July 25, 2023

SAML vs OAuth: Choosing the right protocol

SAML and OAuth are protocols often used in the authentication but what are the differences between them and which one do you choose?

By Joel CoutinhoSoftware Developer at SuperTokens

Table of contents


SAML (Security Assertion Markup Language) at its core is an authentication protocol, used primarily by businesses to federate employee and customer access. For example, in a typical office environment when an employee logs into their work computer, they are using a SAML based authentication mechanism.

OAuth (Open Authorization) on the other hand is an authorization protocol. It allows you to authorize a service to retrieve information from another service on your behalf without having to expose your credentials to the service. An example of this is authorizing an application to pull your profile picture from your Google account without having to give your Google account credentials to the application.

What is SAML?

SAML was established in the early 2000s and was designed to facilitate Single Sign-On (SSO) and federated identity management across multiple domains. SAML’s focus lies primarily in enterprise environments, where seamless user authentication and trust relationships between systems are crucial.

When SAML authentication is complete the user has access to the suite of tools/applications used at a company. SAML allows the user to operate these resources through a single unified system. Additionally admins can use SAML to manage users from a central location.

SAML flow

What is OAuth?

OAuth, a comparatively younger protocol introduced around 2006, addresses the needs of authorization based on social accounts and API integration.

Its primary goal is to allow delegated authorization, allowing users to grant limited access to their resources to services without revealing their credentials. OAuth’s widespread adoption stems from its ability to securely integrate with popular social platforms, such as Facebook, Twitter, and Google, and provide a standardized framework for granting access to user data through APIs.

Oauth flow

What are the similarities and differences between OAuth and SAML?

OAuth and SAML were created to establish standards of interoperability between applications. With both these protocols users can avoid a growing list of credentials that can block them from accessing important resources but are also be a major security concern.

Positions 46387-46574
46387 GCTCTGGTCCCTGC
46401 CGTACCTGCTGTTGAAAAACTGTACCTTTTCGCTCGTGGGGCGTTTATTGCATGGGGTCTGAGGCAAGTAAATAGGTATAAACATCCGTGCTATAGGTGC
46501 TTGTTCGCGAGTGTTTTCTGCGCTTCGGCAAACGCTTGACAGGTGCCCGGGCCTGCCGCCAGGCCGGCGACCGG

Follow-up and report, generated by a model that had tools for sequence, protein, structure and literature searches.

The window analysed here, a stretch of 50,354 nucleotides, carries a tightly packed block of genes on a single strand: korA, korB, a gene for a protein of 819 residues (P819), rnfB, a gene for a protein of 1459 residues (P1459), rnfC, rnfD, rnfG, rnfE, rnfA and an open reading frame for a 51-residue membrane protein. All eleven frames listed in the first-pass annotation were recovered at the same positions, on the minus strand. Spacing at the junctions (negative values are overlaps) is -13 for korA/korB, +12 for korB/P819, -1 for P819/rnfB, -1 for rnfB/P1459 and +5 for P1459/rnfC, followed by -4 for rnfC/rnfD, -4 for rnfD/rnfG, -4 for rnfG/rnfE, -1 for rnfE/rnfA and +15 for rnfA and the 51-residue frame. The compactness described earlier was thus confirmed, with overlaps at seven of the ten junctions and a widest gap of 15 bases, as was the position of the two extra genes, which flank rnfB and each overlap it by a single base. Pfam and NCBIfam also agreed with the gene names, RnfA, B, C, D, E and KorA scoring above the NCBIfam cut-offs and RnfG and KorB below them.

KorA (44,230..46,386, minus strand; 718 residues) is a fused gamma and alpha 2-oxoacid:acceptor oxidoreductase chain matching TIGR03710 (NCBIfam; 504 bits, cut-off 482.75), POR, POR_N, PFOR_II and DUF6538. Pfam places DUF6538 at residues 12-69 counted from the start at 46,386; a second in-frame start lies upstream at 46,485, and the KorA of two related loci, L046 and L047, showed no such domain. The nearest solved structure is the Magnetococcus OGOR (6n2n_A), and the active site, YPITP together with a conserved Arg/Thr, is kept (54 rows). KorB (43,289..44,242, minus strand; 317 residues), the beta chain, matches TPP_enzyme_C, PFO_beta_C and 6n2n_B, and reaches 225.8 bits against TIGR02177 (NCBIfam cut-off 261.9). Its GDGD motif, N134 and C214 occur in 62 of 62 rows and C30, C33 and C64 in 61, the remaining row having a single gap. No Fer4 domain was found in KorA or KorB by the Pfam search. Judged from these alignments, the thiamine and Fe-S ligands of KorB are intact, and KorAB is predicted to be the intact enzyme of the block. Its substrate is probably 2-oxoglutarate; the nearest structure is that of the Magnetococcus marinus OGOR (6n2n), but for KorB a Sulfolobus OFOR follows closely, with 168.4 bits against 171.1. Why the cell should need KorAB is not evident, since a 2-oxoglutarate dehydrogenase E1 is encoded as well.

As mentioned previously though, SAML and OAuth function very differently:

  • SAML is an Authentication protocol, which involves the managing of a users identity.
  • OAuth is an authorization protocol, which involves the handling of users privileges, delineating what resources

When Should You Use SAML or OAuth?

Although both SAML and OAuth allow for SSO like flows, that are imperative for employees, they are not exactly alternatives but protocols that can work together. For example, the Microsoft environment uses both SAML and OAuth to grant access and allow access to protected resources.

Although authentication and authorization are not a requirement for some applications, most businesses need some authentication and authorization system to function effectively.

OpenID Connect(OIDC) and OAuth

As we have mentioned previously OAuth is primarily an Authorization protocol that traditionally uses , some business may want to allow users to use their social accounts as their identity. Thats where OIDC or OpenID connect comes in, it is a protocol built on top of OAuth, that allows for authentication. You can learn more about OpenID Connect and how it is different from OAuth in our guide.


Authentication is ever-evolving, and it is essential to stay ahead of the latest developments and emerging protocols. Ultimately, the selection of SAML or OAuth depends on the specific requirements of the application or system. SAML is an established standard used by large businesses with complex authentication requirements while OAuth is comparatively newer, easier to use but aimed at authorization.

Software dev and content lead at SuperTokens. Contributed to the SuperTokens core, backend SDKs, and developer documentation.